New Canaan students speak out against TeenTalk cuts
"I was often bullied in school," said Besser, who was -- quite literally -- a "kid in crisis."
"The TeenTalk program with Ed Milton really helped me. ... Ed was the only person who fully understood me and always had something to say that lifted me back up," she said.
"If I didn't have Ed and the TeenTalk program during my time at New Canaan High School, I would have felt so lost," she said. "I didn't really belong and I was a very unhappy kid, but TeenTalk changed my life."
Besser is one of many New Canaan students who, over the past 14 years, proudly claim to have received invaluable help from Kids in Crisis' TeenTalk program, which Milton has run from the high school since 2006.
This year, however, the Human Services Department, which has consistently funded the program since 1999, decided to cut its $50,000 budget in half. Consequently, a number of residents and former New Canaan students have expressed their disappointment and concern regarding the future of the program, largely through an online petition.
According to Carol McDonald, director of human services, the reason for the cut is simple economics.
"Budget cuts straight across the board are very, very difficult things to make," she said, with her department also looking to create two new positions within the department.
"We think that the Kids in Crisis position is very valuable in the community, (but) we were looking to increase our staff here at Human Services and that's how it ended up playing out," she said.
"I'm hoping they will be able to utilize the $25,000 left in the budget for them in some way so they can continue to provide the services in the high school," she said.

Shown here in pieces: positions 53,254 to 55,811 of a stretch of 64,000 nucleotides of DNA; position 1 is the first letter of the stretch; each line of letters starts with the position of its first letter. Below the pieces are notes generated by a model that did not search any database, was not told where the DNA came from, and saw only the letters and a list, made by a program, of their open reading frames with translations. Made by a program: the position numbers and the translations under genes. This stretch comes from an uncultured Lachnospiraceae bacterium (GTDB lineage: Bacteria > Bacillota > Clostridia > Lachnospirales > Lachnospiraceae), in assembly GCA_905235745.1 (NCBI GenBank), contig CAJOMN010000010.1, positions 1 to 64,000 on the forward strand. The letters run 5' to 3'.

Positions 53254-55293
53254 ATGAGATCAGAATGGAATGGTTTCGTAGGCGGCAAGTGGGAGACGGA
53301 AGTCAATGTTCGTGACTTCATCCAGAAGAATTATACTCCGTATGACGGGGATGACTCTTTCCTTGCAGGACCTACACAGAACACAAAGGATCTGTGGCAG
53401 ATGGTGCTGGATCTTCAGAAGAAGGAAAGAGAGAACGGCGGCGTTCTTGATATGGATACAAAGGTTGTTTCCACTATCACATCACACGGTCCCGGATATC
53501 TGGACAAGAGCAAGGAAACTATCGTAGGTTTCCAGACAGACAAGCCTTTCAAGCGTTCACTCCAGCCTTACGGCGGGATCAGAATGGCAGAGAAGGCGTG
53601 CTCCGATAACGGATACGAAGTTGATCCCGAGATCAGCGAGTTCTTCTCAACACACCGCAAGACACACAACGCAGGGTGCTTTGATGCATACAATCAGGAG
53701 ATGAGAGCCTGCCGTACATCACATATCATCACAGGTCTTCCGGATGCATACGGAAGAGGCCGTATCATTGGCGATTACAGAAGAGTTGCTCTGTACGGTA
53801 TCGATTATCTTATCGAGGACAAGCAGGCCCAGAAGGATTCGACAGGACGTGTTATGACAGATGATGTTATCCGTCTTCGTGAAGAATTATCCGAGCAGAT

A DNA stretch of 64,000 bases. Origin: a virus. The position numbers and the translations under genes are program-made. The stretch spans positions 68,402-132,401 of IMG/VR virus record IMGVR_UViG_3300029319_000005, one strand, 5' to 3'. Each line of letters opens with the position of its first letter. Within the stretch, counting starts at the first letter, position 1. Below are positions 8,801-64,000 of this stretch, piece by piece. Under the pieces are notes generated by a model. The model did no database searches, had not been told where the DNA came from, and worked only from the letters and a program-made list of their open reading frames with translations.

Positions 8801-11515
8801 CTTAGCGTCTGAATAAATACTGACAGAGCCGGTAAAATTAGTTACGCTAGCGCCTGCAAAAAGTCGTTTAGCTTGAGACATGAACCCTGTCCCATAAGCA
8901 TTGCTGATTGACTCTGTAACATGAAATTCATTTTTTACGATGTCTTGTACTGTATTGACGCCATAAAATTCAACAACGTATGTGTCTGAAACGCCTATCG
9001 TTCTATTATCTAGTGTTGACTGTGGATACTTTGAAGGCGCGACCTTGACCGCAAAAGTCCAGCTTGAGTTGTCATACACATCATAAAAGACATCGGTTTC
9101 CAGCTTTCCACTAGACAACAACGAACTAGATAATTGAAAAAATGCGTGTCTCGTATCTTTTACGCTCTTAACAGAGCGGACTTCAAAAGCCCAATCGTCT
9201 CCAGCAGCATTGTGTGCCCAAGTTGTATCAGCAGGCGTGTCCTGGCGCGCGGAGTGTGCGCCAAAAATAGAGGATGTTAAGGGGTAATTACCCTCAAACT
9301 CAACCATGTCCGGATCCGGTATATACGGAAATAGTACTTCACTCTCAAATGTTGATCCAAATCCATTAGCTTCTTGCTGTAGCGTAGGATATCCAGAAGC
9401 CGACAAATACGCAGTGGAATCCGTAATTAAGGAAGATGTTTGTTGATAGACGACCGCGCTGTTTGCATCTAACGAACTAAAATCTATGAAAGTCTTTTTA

Officials from Kids in Crisis -- a Greenwich-based nonprofit that offers 24-hour help for children and families in trouble, as well as various counseling services -- say they cannot offer the service without a full commitment from the town.
"This program has to be full-time at New Canaan High School," said Shari Shapiro, director. "It cannot be done in any other way because crisis doesn't make an appointment."
She said that in order to keep quality people, a commitment is required. Further, she said, TeenTalk has been created as a full-time program and that's the service that is being offered to the town.
Shapiro also said it was important that the program not be funded by the school system because this would radically change its requirements and could, therefore, impede its effectiveness.
"It's a question that a lot of people have asked over the years," she said.
"There are a lot of regulations that are tied to Board of Ed money and Board of Ed requirements," she said. "Having it be something that is not funded through the Board of Ed really makes a difference with confidentially issues."
Rather than falling under the auspices of education guidelines, she said TeenTalk -- and Milton -- are "tied to the regulations and requirements of a crisis organization."
"The separation is really important," she said, "so when a kid does come to a TeenTalk counselor, they know that the confidentiality is there."